While many professionals enjoy traveling for work, most small business owners have a limited travel budget and an even more limited amount of time. Each trip you take, you are leaving behind your business. However, there are many situations where traveling to meet with customers or attend a conference will help grow your business and increase revenues. With some planning, you can get a big return on your investment every time you pack up your suitcase.
Determine if the Travel Opportunity Is Cost Effective
With increased gas prices and airfares, think carefully about how the trip will benefit your bottom line before making a plane reservation. Ask yourself if you could accomplish the same goal through a video conference meeting or participating in an online training course. However, sometimes personal connections are worth every penny of the expense report. Many business deals are made over breakfast and companies often select vendors they have a personal relationship with.
Ellen Friedland, president of Voices & Visions Productions says she prefers face-to-face meetings when competing for a job or beginning a new client relationship. “There are dynamics that happen as people scan the room’s landscape and pick up different gestures, facial expressions and general energy,” said Friedland. “The collective experience enables the folks present to brainstorm, ask questions and set agendas in ways that generate feelings of comfort and confidence that will last through the partnership.” After the initial relationship is formed, she finds that video conferencing is a great way to save money and still conduct effective business meetings.
Plan Layovers to Meet with Additional Clients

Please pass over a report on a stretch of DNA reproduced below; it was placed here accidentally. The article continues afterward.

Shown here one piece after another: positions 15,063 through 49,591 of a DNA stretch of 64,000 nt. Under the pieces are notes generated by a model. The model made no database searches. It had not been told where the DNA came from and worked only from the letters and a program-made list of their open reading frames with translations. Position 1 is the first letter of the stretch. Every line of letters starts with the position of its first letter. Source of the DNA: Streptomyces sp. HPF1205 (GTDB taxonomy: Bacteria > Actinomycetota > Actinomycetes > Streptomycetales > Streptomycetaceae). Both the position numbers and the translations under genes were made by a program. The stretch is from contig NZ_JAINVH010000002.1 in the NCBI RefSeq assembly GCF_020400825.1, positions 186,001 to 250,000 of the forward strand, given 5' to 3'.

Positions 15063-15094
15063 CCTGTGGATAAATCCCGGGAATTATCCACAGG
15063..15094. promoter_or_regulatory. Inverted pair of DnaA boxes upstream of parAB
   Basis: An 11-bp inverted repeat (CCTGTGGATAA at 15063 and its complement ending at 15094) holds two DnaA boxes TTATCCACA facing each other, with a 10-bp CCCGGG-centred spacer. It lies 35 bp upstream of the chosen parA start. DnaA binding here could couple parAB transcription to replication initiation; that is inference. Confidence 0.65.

If you have clients in different locations, you can try to book your travel through those cities. “A few months ago we were making plans to fly to LA from New York. I knew that a trip to Denver would also be beneficial for another client,” Friedland says. “When I checked the flights, I learned that I could travel from New York to Denver then Denver to LA for the same price as the flight from NY directly to LA.”
Reduce Costs Whenever Possible
Research different airlines, routes and days and book in advance whenever possible to get the best fare available. Evaluate public transportation costs and availability to determine if you need a rental car or if you can save money by using taxis, buses or subways. Just be sure that you don't have to walk six blocks from the bus stop in August and show up disheveled to your meeting.
Hotels are often a great place to save money. In many cities you can find a clean and safe hotel at an affordable rate. Friedland has been able to save considerable money on lodging by using discount travel Websites such as Hotwire. “The overwhelming majority of times I find the selections to be great,” Friedland says.
Use Travel Time to Catch Up
Many business owners find they can use their time in the air to catch up on tasks that often get neglected back in the office. When selecting your seat, use the airline's Website to pick a seat with an electrical plug location underneath so you can work on the plane without worrying about your laptop battery life.
“When I take myself out of the day-to-day context of my business, I find myself able to be more creative. I use some of my time while traveling to look at goals for the year, brainstorm business opportunities and come up with marketing ideas,” says Eva Wisnik, president of Wisnik Career Enterprises, Inc. She also brings business-related reading material and will often write thank you notes on her return flight to people she met with.
Meet with Other Professional Contacts
One of the best ways to get the best bang for your buck is to use your trip to meet with other current customers, professional contacts or potential customers in the city you are visiting. Wisnik has found that it is often much easier to get a business contact to meet with her when she is traveling from out of town, and tries to set up as many appointments as she can when in a city. “People see you being in from out of town as a bigger deal and as an opportunity that might not be there tomorrow,” Wisnik says. She also holds “mini-cocktail parties” when traveling and invites business contacts and customers to come to a local bar for a drink between 6 to 8 p.m.
By taking the time to carefully evaluate all of your business travel and maximize your time away from the office, you can use the trip to make relationships and bring in new customers that will provide revenue for years to come.
Jennifer Gregory is a journalist with over 17 years professional writing experience. Jennifer blogs via Contently.com.
Photo credit: Pixland/Thinkstock